A new molecular imaging center that will develop innovative ways to see gene-based therapies at work in the human body was launched today (Jan. 17) at UCLA's Jonsson Cancer Center. The $9.8-million UCLA
Center for In Vivo Imaging in Cancer Biology is the first such molecular imaging center on the West Coast, Jonsson Cancer Center researchers said.
The imaging center, funded through a five-year grant from the National Cancer Institute (NCI), also will further studies on the biological mechanisms of cancer.
Research at the imaging center may shed new light on the safety and effectiveness of gene therapy and other gene-based treatments. Investigations also may provide important clues about how cancer develops, grows, spreads, forms its own blood supply for nourishment and interacts with the human immune system.
UCLA's Jonsson Cancer Center is one of only three such centers nationwide to receive funding from the National Cancer Institute (NCI) to develop a state-of-the-art imaging center for basic cancer research.
"With an outstanding group of investigators from various disciplines and the significant advances they have made in biological imaging using positron emission tomography (PET) technology, the research team at UCLA's Jonsson Cancer Center has a strong foundation to expand its first-rate program to specifically address problems in cancer," said Dr. John M. Hoffman, chief of the molecular imaging in the NCI's Biomedical Imaging Program.
Dr. Judith Gasson, director of the Jonsson Cancer Center, said discoveries in the imaging center hold tremendous potential for cancer research and care.
"In the long run, we expect that the discoveries we make at UCLA's new imaging center will hasten development of safe, effective treatments for patients by allowing researchers to more rapidly and thoroughly evaluate the benefits and limitations of certain experimental therapies," Gasson said.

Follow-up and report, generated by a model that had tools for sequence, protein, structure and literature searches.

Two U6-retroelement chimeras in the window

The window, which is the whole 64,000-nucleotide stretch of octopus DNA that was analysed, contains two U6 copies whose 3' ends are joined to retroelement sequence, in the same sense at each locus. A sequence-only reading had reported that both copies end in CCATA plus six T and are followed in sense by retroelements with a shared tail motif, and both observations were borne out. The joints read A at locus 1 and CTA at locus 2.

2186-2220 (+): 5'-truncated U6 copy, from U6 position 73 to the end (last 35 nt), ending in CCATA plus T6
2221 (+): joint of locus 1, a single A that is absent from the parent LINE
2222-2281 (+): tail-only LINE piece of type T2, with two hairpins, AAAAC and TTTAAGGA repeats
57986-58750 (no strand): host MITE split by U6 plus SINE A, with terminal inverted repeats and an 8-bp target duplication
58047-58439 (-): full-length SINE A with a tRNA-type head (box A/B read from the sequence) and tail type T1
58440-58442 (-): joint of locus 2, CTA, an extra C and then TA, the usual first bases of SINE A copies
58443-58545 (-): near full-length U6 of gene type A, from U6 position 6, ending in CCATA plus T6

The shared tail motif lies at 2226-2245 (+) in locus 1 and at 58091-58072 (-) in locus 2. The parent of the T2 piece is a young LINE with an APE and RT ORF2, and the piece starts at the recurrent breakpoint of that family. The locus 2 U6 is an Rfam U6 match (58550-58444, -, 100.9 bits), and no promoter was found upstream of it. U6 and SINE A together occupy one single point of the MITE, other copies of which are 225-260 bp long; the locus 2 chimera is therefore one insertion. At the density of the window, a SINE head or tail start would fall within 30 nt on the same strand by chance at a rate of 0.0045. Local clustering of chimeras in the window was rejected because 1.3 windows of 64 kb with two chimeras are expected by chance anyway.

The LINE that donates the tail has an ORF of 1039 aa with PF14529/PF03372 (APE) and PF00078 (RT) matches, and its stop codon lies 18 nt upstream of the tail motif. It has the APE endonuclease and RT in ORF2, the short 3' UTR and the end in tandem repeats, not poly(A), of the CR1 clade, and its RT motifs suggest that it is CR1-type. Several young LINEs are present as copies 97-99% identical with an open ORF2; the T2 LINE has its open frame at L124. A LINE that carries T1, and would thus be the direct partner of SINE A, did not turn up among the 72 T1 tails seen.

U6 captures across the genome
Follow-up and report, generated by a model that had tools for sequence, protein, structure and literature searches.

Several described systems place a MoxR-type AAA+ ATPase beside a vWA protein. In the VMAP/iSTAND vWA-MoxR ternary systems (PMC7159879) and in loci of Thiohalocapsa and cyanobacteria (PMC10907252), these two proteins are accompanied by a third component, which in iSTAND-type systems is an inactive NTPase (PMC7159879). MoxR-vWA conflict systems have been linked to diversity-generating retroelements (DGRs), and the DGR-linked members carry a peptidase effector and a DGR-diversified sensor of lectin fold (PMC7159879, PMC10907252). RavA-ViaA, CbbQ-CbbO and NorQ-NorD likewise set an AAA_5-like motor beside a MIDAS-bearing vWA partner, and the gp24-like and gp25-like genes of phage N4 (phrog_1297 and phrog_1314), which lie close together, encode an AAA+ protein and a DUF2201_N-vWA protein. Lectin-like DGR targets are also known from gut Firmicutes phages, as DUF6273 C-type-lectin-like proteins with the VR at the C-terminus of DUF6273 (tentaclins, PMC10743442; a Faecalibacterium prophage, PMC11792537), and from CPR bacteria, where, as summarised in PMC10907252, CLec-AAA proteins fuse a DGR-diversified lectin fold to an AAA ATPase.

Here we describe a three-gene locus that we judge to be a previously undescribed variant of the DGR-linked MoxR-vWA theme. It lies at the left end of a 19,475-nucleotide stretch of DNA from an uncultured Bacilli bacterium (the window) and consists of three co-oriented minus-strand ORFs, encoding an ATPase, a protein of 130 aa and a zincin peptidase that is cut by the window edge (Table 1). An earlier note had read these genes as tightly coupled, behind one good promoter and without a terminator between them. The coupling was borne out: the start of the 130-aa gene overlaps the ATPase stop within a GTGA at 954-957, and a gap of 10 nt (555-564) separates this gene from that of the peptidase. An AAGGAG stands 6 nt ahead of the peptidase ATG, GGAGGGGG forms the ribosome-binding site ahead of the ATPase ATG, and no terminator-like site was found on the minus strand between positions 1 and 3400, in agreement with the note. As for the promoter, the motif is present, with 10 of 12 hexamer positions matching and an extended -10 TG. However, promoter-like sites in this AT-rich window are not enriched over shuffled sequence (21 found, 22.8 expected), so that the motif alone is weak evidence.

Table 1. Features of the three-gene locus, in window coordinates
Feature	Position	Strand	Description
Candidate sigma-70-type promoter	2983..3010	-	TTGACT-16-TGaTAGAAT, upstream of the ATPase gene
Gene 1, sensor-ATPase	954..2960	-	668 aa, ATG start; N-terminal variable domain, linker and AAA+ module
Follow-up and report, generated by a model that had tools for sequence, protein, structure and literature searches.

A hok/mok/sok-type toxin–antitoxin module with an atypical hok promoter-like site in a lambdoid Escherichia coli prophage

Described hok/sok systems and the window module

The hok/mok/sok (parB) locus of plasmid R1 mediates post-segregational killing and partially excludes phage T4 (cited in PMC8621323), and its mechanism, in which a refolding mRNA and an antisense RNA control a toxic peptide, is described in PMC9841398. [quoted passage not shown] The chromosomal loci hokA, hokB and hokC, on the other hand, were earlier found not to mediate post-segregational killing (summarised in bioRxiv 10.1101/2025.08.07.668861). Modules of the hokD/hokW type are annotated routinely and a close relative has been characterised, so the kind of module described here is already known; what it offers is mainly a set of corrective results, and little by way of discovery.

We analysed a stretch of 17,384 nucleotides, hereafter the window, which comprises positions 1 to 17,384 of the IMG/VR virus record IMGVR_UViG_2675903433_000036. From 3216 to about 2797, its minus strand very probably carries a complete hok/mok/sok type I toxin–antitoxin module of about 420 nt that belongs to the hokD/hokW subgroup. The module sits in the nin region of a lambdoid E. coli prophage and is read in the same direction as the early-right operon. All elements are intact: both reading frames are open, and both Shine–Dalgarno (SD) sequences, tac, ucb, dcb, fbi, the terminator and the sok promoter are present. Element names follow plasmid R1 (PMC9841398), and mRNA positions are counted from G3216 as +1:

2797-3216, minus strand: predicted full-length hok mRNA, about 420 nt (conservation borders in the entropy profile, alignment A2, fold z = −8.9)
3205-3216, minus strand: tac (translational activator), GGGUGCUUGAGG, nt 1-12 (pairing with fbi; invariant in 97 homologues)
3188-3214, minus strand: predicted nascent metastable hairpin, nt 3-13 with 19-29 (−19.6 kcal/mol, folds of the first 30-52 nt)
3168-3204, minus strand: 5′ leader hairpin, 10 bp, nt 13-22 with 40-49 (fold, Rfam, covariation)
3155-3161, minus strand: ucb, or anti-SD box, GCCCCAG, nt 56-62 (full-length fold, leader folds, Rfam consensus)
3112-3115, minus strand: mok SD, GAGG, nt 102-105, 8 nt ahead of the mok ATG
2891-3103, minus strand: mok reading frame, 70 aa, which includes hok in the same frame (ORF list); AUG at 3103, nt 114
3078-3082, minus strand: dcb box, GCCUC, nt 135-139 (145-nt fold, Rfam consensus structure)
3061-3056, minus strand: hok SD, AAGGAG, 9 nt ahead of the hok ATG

Dr. Harvey Herschman, principal investigator for the UCLA Center for In Vivo Imaging in Cancer Biology and director of basic research at the Jonsson Cancer Center, said the grant comes at a critical time. UCLA researchers, he said, are poised to expand upon early studies and tackle a wide range of problems in cancers such as leukemia, prostate and breast cancers.
"Imaging and understanding cancer at its molecular and cellular levels will play key roles in improving diagnosis, treatment and prevention. Being able to non-invasively see what is going on in the body will give us the information necessary to overcome hurdles such as not being able to predict a tumor's behavior or not knowing how a tumor will respond to certain treatments, " said Herschman, a professor of biochemistry and pharmacology. Herschman also holds the Ralph and Marjorie Crump chair in molecular imaging at the UCLA School of Medicine.
A major obstacle in cancer research lies in a physician's inability to know whether gene therapy and other gene-based treatments reach targeted cells and work as they should, Herschman said.
"To address this challenge, my colleagues and I successfully merged modern techniques of molecular biology and molecular imaging to create two tracking systems that evaluate how effectively genetic treatments work in patients," Herschman said.
In the 1990s, Herschman and his colleagues developed two first-of-a-kind tracking systems to image gene therapies non-invasively. The systems use specially engineered genes called "reporter" genes, which have been successfully tested in laboratory models. The tracking systems will be tested in cancer patients for the first time this year, Herschman said.
The reporter genes are attached to the therapeutic genes and can be made to glow "hot" during a PET scan. By using the PET scanner to pinpoint the location of the genes, researchers will be able to monitor the gene
therapy's behavior soon after it has been administered to a patient. Doing so will allow them to quickly determine whether the therapy attacks cancer cells or travels elsewhere in the body, potentially subjecting the patient to serious side effects.
Herschman said the new imaging center will help UCLA researchers expand on these early systems and pursue additional projects that will further cancer research around the world.
"Our goal for the center is to collaborate with researchers worldwide who will apply these advances to a wide range of problems in oncology," Herschman said. "We expect that the new technologies emerging from this center will add important tools to the toolboxes of cancer researchers, allowing them to investigate questions in ways not previously feasible."
Biological imaging centers at Harvard in Cambridge, Mass., and Memorial Sloan Kettering in New York also will be supported by NCI grants.